PHOENIX – Chipper Jones was saluted as “one of the greatest players of his generation” in a video tribute during Sunday’s series finale at Arizona.
On Monday at Los Angeles, the Braves and their veteran third baseman will face a player some believe could become the greatest of the current generation, Dodgers center fielder Matt Kemp.
Kemp led the majors in batting average (.466), HRs (nine), RBIs (22), on-base percentage (.515) and slugging percentage (1.000) before Sunday, and his 1.515 OPS was more than 300 points higher than the next-best by Texas’ Josh Hamilton.
“What I like about him is, he works,” Jones said. “He’s working for something. He wants to be the best player in the game, and he’s got a workout routine to help him get there. That’s what you like to see out of young guys. Obviously he’s got an abundance of talent, but to have the heart and desire to get better, that’s rare these days.”
Kemp and Dodgers right fielder Andre Ethier (four homers, 21 RBIs) ranked 1-2 in the majors in RBIs before Sunday. Braves manager Fredi Gonzalez was asked about the challenge of slowing the duo.
“We’ll see,” Gonzalez said. “I know Kemp’s always given us fits. We’ll get it figured out. Maybe he’ll cool off on the plane ride back from Houston.”
Actually, Kemp has a modest .231 career average against the Braves with five homers, 20 RBIs, 14 walks and 44 strikeouts in 35 games. He went 5-for-23 against them last season with two homers and 12 strikeouts in seven games.
The Dodgers cooled off before the plane ride home – they got hammered 12-0 in the series finale against the Astros on Sunday. It was only their fourth loss in 16 games, but third in their past six.
The Dodgers and East-leading Nationals (12-4) are tied for best record in the National League, but the Dodgers have not played a team with a current winning record. Their first 10 games included seven against San Diego and three against Pittsburgh, and they’ve since gone 3-3 against Milwaukee and Houston.
Jones, who will turn 40 on Tuesday and has announced he’ll retire after the 2012 season, received a standing ovation from the Chase Field crowd during a video montage shown on the scoreboard. He came to the top step of the dugout and waved his cap in appreciation as his signature at-bat song “Crazy Train” played on the stadium P.A.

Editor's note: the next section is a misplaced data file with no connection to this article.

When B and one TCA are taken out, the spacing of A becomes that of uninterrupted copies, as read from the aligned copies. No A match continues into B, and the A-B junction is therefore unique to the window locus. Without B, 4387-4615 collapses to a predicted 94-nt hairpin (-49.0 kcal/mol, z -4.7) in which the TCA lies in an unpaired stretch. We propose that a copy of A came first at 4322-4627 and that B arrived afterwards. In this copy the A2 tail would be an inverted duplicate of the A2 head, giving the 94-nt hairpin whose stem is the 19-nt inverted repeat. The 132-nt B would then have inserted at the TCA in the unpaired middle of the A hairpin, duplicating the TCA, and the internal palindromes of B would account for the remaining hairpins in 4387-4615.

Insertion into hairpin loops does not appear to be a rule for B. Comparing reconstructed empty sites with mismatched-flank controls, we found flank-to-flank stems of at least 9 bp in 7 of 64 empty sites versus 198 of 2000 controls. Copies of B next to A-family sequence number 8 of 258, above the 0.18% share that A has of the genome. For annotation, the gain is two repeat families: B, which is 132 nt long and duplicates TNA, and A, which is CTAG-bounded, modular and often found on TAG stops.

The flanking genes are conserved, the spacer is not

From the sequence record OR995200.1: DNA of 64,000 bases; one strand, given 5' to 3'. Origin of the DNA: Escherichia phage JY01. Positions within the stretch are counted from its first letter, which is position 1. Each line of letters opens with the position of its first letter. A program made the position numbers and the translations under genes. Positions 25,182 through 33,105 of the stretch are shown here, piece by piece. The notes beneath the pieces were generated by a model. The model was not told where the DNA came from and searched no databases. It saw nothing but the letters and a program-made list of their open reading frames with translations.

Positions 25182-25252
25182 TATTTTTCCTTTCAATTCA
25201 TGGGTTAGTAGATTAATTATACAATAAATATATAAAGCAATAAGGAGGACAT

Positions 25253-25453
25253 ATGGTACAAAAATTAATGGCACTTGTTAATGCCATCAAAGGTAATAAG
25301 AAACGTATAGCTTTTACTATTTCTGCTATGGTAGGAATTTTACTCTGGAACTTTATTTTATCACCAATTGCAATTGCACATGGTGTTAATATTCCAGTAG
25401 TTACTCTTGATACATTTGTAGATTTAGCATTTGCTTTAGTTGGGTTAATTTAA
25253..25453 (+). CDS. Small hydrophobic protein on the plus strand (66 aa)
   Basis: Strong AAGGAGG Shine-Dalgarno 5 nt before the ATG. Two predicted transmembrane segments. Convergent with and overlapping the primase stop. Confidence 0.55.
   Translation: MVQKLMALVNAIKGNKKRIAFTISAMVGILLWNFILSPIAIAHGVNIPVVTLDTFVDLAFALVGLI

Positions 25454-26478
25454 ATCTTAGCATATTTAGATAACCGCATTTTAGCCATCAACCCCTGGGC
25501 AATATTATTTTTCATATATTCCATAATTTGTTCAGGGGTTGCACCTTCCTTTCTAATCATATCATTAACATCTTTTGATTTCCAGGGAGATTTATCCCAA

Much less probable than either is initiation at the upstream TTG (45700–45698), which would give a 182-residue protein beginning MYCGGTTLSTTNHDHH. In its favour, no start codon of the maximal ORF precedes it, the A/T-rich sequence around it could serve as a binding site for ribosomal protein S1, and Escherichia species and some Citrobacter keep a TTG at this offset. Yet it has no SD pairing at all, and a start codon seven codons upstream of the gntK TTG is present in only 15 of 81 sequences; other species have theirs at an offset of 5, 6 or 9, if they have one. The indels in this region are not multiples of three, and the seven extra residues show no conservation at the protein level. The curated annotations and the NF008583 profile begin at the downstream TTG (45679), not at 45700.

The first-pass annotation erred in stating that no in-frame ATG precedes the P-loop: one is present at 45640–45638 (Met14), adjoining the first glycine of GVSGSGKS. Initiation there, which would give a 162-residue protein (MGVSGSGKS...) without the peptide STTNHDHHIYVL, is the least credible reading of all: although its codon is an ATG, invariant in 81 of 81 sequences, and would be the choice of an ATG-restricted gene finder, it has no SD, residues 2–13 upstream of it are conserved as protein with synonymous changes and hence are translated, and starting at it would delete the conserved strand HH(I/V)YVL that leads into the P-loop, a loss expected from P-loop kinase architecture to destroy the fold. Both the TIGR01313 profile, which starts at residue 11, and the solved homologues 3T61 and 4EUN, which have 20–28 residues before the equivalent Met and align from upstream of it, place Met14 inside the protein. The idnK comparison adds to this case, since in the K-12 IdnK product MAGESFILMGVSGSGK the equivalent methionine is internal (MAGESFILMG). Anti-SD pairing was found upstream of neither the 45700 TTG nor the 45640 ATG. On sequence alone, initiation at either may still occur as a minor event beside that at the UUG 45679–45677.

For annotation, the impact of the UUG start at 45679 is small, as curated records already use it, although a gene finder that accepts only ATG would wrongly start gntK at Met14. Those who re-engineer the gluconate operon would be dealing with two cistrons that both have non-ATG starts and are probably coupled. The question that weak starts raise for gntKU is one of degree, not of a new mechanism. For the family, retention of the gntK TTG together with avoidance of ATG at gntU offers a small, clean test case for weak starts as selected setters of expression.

Gonzalez had said at the beginning of the series that Jones would play Friday and Saturday and get a rest day Sunday. He didn’t play the series opener Thursday after his surgically repaired left knee had some swelling following the long flight from Atlanta to Phoenix.
Jones grounded into a double play as a pinch-hitter in the seventh inning Sunday and limped noticeably after the game. Asked how he was doing, he replied, “I’m living.”
Pastornicky out of lineup again
Shortstop Tyler Pastornicky was out of the lineup for a second consecutive game Sunday, and not for any injury or ailment
Gonzalez didn’t give any specific reason for playing veteran Jack Wilson over the slumping rookie for both weekend games at Arizona, but did acknowledge that he hoped it might help Pastornicky relax a bit and clear his head.
Pastornicky said after the game he’s spent time “working on some things” with his swing this week.
He has hit .175 (7-for-40) in 11 games with three extra-base hits (one homer), four RBIs, two walks and a .214 on-base percentage in his first stint in the major leagues. Since hitting a homer April 10 at Houston, he’s gone 4-for-28 with no walks and six strikeouts in his past seven games.
“He’ll probably play the next couple of days, maybe all three in L.A.,” Gonzalez said.
Gonzalez has said he likes Wilson’s ability to do things at the bottom of the lineup such as bunt and hit-and-run.
Heyward gets a rest
After having his 10-game hitting streak snapped Saturday, Jason Heyward was out of the lineup Sunday to get what Gonzalez told him was a deserved rest. Eric Hinske got the start in right field, and Heyward pinch-hit with two out in the ninth inning and flied out to end the 6-4 loss.
Heyward has hit .309 with a .377 OBP and .527 slugging percentage, and ranks among NL leaders with five stolen bases (two fewer than teammate Michael Bourn).
“Fredi told me before he put the lineup up,” said Heyward, who started 14 of 15 games before Sunday, including each of the previous 11. “He wanted to let me know. He said, ‘You’ve gone out there and played hard, and we appreciate the hard work you’ve put in. Just want to give you a day to rest, get ‘Ski in there. You’ll be in there when we get the lead late in the game.’
“That’s that. He shook my hand and said, just wanted to let you know before we put the lineup up.”
Unlike last season, when Heyward was benched several times late in the season in favor of a hot-hitting Jose Constanza, no one has played better for the Braves this season than the big right fielder. Heyward said it would be easier to relax and make the most of a day off under these circumstances, with the team having won 10 of its past 11 before Sunday.
“It’s cool,” he said. “I want to play, but I have been going pretty hard. So anytime you can take a rest like this at time when we’re playing well, when I don’t feel like I’ll be too missed.”
Gonzalez said: “I didn’t post the lineup until after I talked to him. I said, hey, just giving you a little breather. Really appreciate the way you’ve been playing. Just give your body a little rest. But be ready to play because if we get the lead you’re going back out there [in the late innings] to play defense.”